Construction photo with Illinois lien claim illustration

Filing a mechanics lien is typically enough to recover payment on a construction project. However, in some cases, an enforcement action may be necessary to get what you’ve earned. What many contractors fail to take into consideration is that an enforcement action is a full lawsuit, and preparation and timing are crucial.

In Illinois, an owner can force a lienholder’s hand by serving a demand to enforce, which requires a lawsuit within 30 days of receipt. A recent IL appeals court highlighted some of the challenges faced by contractors in such situations, as a lien claim was dismissed for failing to name all necessary parties to the action.

Learn more: What Is ‘Enforcing’ a Mechanics Lien?

Illinois’ demand to enforce a lien claim

Illinois lien claimants have a long time to enforce their claim: a full two years from the claimant’s last date of furnishing labor and/or materials to the project. However, claimants must be prepared to take action in case they are served with a Demand to Enforce. This is a mechanism used by property owners that can be found under 770 ILCS 60/34(a); which states:

“Upon written demand of the owner, lienor, or any person interested in the real estate, or their agent or attorney, served on the person claiming the lien, or his agent or attorney, requiring suit to be commenced to enforce the lien or answer to be filed in a pending suit, suit shall be commenced or answer filed within 30 days thereafter, or the lien shall be forfeited.”

Once such a demand is received, the claimant has just 30 days to file an enforcement action or forfeit their lien rights. That’s just 30 days to hire an attorney, ensure all interested parties are named as defendants, and file the complaint.

Lien dismissed for failing to include all necessary parties

The case in question is CB Construction & Design, LLC vs. Atlas Brookview, LLC 

Project Snapshot:

The contractor CB was hired by Atlas in 2018 to renovate the residential units in an apartment complex located in Glenview, IL. The contract was for a little under $10M with a scheduled completion date of June 2020. However, CB claimed that work was completed in May of 2019 and that Atlas still owed them roughly $1.5M under the contract. Subsequently, CB filed a mechanics lien for that amount and named the following parties:

  • Steven Ivankovich (CEO of Atlas)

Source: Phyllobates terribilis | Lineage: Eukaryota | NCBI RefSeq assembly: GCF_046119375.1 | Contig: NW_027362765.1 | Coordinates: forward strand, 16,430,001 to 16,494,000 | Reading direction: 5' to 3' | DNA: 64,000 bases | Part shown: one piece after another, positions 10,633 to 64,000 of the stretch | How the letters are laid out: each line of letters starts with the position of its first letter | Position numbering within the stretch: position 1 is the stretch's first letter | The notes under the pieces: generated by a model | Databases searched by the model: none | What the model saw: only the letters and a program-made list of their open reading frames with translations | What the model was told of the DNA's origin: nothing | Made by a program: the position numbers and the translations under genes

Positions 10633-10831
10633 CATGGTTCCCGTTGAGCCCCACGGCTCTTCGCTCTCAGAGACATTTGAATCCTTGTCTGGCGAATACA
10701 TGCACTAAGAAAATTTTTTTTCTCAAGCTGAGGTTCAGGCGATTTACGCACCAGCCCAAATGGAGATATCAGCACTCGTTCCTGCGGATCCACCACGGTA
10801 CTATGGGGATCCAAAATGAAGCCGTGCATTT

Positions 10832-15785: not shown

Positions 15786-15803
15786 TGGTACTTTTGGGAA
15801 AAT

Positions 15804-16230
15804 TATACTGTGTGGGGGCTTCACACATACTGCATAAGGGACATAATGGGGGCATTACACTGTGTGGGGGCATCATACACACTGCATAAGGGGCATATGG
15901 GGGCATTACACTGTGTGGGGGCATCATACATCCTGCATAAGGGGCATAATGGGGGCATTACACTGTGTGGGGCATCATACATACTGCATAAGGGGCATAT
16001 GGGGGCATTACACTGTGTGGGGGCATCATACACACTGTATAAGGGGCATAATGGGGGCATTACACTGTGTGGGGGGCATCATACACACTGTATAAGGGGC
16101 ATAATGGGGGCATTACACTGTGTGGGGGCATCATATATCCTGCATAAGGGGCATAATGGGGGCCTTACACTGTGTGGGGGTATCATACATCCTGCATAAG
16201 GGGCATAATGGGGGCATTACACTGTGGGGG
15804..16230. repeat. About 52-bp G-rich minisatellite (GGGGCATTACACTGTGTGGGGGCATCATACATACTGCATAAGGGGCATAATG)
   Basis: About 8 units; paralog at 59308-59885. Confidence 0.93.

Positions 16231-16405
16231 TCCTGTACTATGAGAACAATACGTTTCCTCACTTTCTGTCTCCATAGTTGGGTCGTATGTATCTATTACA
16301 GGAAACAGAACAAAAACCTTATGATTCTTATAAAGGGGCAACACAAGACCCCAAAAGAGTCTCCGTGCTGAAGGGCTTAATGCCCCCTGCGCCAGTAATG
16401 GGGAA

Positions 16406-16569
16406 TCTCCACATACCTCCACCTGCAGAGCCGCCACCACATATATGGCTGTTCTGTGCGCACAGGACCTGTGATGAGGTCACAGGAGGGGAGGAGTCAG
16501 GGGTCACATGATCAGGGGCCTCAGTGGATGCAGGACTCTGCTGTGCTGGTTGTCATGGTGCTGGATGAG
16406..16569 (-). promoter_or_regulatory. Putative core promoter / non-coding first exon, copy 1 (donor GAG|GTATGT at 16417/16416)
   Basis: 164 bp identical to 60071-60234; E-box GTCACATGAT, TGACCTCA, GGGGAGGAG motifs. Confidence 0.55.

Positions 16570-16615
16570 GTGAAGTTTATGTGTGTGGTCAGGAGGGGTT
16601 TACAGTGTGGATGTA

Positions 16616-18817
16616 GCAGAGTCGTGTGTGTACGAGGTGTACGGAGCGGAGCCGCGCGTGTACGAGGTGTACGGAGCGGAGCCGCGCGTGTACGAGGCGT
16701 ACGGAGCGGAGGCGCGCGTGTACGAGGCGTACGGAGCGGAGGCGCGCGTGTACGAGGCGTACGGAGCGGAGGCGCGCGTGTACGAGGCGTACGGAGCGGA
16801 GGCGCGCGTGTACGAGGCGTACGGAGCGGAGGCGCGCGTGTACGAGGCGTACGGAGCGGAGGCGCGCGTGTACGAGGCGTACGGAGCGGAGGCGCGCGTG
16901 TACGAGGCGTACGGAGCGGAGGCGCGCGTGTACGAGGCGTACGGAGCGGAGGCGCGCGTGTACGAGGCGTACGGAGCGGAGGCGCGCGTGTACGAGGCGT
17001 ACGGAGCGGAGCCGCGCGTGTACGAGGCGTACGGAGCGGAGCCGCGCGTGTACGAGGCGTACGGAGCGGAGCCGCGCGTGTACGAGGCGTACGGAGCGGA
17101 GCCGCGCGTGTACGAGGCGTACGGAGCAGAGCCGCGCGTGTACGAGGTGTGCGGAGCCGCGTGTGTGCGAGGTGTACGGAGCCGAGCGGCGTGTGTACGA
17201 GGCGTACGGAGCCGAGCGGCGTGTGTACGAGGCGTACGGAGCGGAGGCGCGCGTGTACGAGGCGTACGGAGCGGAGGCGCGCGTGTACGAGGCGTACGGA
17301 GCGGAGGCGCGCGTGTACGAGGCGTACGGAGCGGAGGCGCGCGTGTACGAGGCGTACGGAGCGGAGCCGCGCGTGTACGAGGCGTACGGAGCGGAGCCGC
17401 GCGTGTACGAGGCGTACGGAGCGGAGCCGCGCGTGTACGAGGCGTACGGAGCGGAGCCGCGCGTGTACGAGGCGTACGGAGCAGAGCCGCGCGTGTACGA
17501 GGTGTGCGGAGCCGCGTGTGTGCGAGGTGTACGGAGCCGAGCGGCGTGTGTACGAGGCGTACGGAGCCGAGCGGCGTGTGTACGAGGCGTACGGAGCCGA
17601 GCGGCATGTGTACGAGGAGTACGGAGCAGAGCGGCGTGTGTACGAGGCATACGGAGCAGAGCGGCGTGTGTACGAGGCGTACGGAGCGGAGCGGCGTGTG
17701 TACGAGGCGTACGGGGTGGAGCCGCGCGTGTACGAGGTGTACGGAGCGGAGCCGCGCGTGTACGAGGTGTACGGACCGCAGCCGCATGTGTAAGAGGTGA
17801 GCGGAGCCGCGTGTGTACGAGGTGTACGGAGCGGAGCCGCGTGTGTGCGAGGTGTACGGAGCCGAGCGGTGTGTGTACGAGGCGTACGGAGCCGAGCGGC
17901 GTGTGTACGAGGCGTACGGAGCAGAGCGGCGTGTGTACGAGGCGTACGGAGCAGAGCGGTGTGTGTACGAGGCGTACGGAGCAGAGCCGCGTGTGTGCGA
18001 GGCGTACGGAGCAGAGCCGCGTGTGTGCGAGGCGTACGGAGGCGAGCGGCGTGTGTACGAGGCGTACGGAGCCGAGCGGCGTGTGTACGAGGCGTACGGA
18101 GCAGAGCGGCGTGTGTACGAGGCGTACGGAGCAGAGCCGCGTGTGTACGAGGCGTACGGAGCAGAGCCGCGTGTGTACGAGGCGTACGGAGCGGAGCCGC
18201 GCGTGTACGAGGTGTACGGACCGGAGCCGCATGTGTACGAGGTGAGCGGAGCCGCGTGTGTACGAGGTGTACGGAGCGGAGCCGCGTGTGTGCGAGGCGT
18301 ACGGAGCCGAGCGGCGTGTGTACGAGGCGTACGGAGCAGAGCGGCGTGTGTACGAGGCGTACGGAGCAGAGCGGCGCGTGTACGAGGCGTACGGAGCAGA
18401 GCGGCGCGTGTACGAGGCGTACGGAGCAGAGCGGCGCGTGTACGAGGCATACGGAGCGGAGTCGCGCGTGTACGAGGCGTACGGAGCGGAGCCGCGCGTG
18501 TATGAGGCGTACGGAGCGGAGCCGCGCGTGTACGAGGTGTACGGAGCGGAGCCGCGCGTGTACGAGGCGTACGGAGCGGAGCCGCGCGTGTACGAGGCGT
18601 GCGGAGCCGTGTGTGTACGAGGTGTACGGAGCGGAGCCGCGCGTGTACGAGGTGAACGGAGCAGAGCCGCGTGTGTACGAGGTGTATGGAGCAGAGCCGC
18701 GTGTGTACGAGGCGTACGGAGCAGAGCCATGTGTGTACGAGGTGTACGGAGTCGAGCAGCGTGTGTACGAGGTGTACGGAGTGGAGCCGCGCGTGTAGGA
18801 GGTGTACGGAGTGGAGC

• Lee Ward (loan administrator)
  • Ravi Malli (Director of Asset Management for Atlas Apt. Homes)

Owners serve a demand to file suit

In response, Atlas served a demand to enforce the claim on CB. 28 days after receiving the notice, CB filed a complaint for breach of contract and enforcement of a mechanics lien. The complaint named Atlas, Ivankovich, Malli, and “Other defendants yet to be determined” as defendants.

When the case went to trial, Atlas filed a motion to dismiss the claims for failure to name all necessary parties.

Here’s the problem.

Under 770 ILCS 60/11(b):

“Each claimant shall make as parties to its pleading (hereinafter called “necessary parties”) the owner of the premises, the contractor, all persons in the chain of contracts between the claimant and the owner, all persons who have asserted or may assert liens against the premises under this Act, and any other person against whose interest in the premises the claimant asserts a claim.”

The court noted that there were other “necessary parties” that hadn’t been named in the complaint, notably:

  • TPG Real Estate Finance (TPG), which had provided a loan to Atlas and recorded a mortgage on September 21, 2017
  • Wells Fargo Bank, NA (Wells Fargo), which had a security interest in leases and rents from the property and had recorded that interest on February 23, 2018

The motion was granted by the court stating that the lender and the bank were known interest-holders.

Appeals court dismisses the lien claim

The two main issues upon appeal were:

  1. Are TPG and Wells Fargo considered necessary parties?
  2. Was the failure to add them within 30 days of a demand to enforce resulted in forfeiture of lien?

For the first issue, the court turned to the definition of “necessary parties” — which includes “all persons who may have any valid claim to the whole or any part of the premises upon which a lien may be attempted to be enforced under the provisions thereof, or who are interested int he subject matter of the suit.”

Furthermore, although the use of “unknown necessary parties” is allowable, these parties were known necessary parties and should have been listed. Therefore, TPG and Wells Fargo were indeed necessary parties and should have been named in the case.

Regarding whether all necessary parties must be added within the 30-day demand to enforce timeframe. CB argued that the statute of limitations for a mechanics lien is two years from contract completion. They felt that they should still have time to add the remaining necessary parties.

The court disagreed, stating that the more specific 30-day deadline applied when the demand to file suit prevailed over the more general deadline to enforce a lien claim. Accordingly, the action was dismissed.

Illinois claimants must always be prepared to enforce their claims

This is an important reminder to lien claimants in Illinois. Just because the lien is valid for two years after completion of your work doesn’t necessarily mean that you shouldn’t be prepared to act sooner.

A demand to enforce is a powerful tactic used by property owners in IL to catch claimants off guard. Once a lien is filed, claimants should ensure that they are prepared to file suit if or when they receive such a demand. And identifying all necessary parties (or put differently, any and all parties that have a recorded interest in the property) to the case is an important, and often overlooked aspect.

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